Tomorrow, Friday, May 20, Tsai Ing-wen will officially become Taiwan’s President. Tsai, a former cabinet official and university professor, will also become the first female leader of Taiwan and in the “Chinese” world. Having won the election back in January, Tsai has had to endure a daunting four months. The main reason is simple – China.
Because Tsai hails from the DPP, the pro-Taiwan and more localized party which maintains that Taiwan is its own country, and not the KMT, which came from China and was the traditional party in power who officially believes that Taiwan is part of the Republic of China and is pro-China. Also, because Tsai has never promised to affirm the “1992 Consensus,” which the KMT and China’s CCP have stressed previously. She shouldn’t, because while the KMT said that the “Consensus” is an agreement to disagree in the form of differing interpretations about whether Taiwan is part of China, the CCP believes that it simply means Taiwan belongs to China (for more on this fake “consensus,” see here).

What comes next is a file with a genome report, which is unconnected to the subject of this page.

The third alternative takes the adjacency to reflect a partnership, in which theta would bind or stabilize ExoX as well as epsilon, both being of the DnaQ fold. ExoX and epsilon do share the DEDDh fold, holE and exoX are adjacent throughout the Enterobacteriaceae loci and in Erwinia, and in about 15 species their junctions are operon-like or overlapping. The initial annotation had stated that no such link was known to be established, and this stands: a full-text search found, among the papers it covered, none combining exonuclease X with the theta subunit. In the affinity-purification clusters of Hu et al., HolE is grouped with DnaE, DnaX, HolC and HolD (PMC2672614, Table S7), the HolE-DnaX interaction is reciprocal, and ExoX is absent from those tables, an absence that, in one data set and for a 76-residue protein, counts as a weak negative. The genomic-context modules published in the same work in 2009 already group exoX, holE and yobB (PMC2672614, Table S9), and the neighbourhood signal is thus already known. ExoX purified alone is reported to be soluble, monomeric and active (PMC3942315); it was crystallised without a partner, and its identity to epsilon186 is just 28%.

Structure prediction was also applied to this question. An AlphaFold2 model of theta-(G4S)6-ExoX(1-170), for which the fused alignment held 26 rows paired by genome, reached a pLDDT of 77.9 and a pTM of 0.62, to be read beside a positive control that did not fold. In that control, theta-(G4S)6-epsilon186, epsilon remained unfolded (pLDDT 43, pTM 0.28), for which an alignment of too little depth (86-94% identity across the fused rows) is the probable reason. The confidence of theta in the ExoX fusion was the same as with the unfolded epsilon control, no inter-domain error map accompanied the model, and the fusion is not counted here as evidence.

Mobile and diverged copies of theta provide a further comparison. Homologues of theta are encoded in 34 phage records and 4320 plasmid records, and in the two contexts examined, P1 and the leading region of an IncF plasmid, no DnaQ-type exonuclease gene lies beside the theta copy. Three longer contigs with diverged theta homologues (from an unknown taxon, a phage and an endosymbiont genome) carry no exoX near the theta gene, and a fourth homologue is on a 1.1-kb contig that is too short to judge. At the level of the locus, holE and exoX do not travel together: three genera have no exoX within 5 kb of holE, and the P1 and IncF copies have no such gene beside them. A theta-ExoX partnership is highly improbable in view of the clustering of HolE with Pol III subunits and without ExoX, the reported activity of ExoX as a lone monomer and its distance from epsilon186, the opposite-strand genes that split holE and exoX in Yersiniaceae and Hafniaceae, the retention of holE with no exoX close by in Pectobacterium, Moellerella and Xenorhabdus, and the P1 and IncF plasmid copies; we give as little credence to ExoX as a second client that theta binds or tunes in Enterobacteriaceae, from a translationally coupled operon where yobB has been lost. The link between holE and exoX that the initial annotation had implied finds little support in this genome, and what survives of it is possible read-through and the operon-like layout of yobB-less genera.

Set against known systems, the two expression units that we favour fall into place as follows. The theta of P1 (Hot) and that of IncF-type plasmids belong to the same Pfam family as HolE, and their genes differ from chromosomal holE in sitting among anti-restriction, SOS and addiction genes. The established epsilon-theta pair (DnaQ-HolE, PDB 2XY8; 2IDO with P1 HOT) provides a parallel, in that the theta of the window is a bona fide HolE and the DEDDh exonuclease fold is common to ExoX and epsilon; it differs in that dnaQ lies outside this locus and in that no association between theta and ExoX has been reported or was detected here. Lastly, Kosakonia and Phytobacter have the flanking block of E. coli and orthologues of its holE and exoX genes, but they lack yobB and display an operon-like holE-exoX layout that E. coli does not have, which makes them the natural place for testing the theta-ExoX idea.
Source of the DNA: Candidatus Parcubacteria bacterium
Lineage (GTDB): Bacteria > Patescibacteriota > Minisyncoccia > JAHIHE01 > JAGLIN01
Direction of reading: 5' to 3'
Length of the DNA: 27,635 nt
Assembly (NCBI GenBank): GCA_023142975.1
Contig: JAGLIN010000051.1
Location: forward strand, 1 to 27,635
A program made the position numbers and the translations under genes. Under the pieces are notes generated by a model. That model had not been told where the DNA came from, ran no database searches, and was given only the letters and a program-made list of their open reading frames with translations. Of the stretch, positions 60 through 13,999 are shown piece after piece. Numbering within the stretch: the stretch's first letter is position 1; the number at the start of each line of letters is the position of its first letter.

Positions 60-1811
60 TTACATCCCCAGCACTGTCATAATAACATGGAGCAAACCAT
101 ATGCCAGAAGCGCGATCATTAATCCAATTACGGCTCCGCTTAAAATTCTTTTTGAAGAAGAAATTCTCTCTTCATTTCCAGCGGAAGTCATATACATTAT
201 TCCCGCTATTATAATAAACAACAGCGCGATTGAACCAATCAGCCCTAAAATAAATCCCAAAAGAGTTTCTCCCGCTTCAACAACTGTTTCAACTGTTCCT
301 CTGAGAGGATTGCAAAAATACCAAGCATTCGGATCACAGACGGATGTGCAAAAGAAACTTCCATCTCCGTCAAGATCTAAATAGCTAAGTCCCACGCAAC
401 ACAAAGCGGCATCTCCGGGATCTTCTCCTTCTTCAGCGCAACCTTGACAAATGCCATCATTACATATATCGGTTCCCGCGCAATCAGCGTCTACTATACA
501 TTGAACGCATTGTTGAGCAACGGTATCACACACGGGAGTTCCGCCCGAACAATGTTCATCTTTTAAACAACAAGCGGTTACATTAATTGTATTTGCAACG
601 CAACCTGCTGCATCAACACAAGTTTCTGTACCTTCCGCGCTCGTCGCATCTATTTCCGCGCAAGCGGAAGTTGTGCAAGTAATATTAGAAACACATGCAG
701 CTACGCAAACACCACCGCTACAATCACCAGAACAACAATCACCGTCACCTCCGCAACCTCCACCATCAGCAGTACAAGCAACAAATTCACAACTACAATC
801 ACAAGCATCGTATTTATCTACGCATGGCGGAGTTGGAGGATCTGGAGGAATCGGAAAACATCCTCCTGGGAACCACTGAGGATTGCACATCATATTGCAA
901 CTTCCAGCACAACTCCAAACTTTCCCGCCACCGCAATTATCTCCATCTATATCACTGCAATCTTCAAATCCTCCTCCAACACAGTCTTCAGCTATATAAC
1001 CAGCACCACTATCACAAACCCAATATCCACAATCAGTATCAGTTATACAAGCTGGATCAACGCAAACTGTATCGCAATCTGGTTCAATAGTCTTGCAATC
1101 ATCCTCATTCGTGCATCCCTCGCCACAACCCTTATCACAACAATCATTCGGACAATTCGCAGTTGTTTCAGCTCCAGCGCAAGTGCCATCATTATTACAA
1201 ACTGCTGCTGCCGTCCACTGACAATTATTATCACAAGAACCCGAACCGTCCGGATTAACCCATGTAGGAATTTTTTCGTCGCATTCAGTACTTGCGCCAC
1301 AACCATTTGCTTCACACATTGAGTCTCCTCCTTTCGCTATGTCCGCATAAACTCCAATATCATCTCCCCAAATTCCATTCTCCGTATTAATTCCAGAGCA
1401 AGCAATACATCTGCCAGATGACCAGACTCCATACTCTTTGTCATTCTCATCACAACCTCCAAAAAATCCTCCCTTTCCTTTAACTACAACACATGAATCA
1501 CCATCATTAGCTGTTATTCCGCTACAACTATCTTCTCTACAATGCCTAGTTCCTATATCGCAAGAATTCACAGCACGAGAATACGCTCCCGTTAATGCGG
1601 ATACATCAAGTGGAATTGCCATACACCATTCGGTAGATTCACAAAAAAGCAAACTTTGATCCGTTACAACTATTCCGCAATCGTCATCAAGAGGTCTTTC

As Tsai has not caved in and promised to follow the “1992 Consensus,” Beijing has put heavy pressure on her by issuing veiled threats, making Kenya and Malaysia deport Taiwanese criminals arrested there to China instead of Taiwan, and even running large military exercise this week. But Tsai will have other big problems to face other than China acting like a bully and baby. Taiwan’s economy has serious problems including low salaries, low growth and brain drain; and she will have to find new ways to resuscitate it.
While I have a few serious criticisms about Taiwan and its society, I believe in its destiny as a country and a democracy and I believe it has the right to determine its own fate and not be dictated to by another country claiming it for itself. I hope that President Tsai will be a big improvement from outgoing President Ma and that she will not be intimidated by China and can also lead Taiwan into a new and more positive era.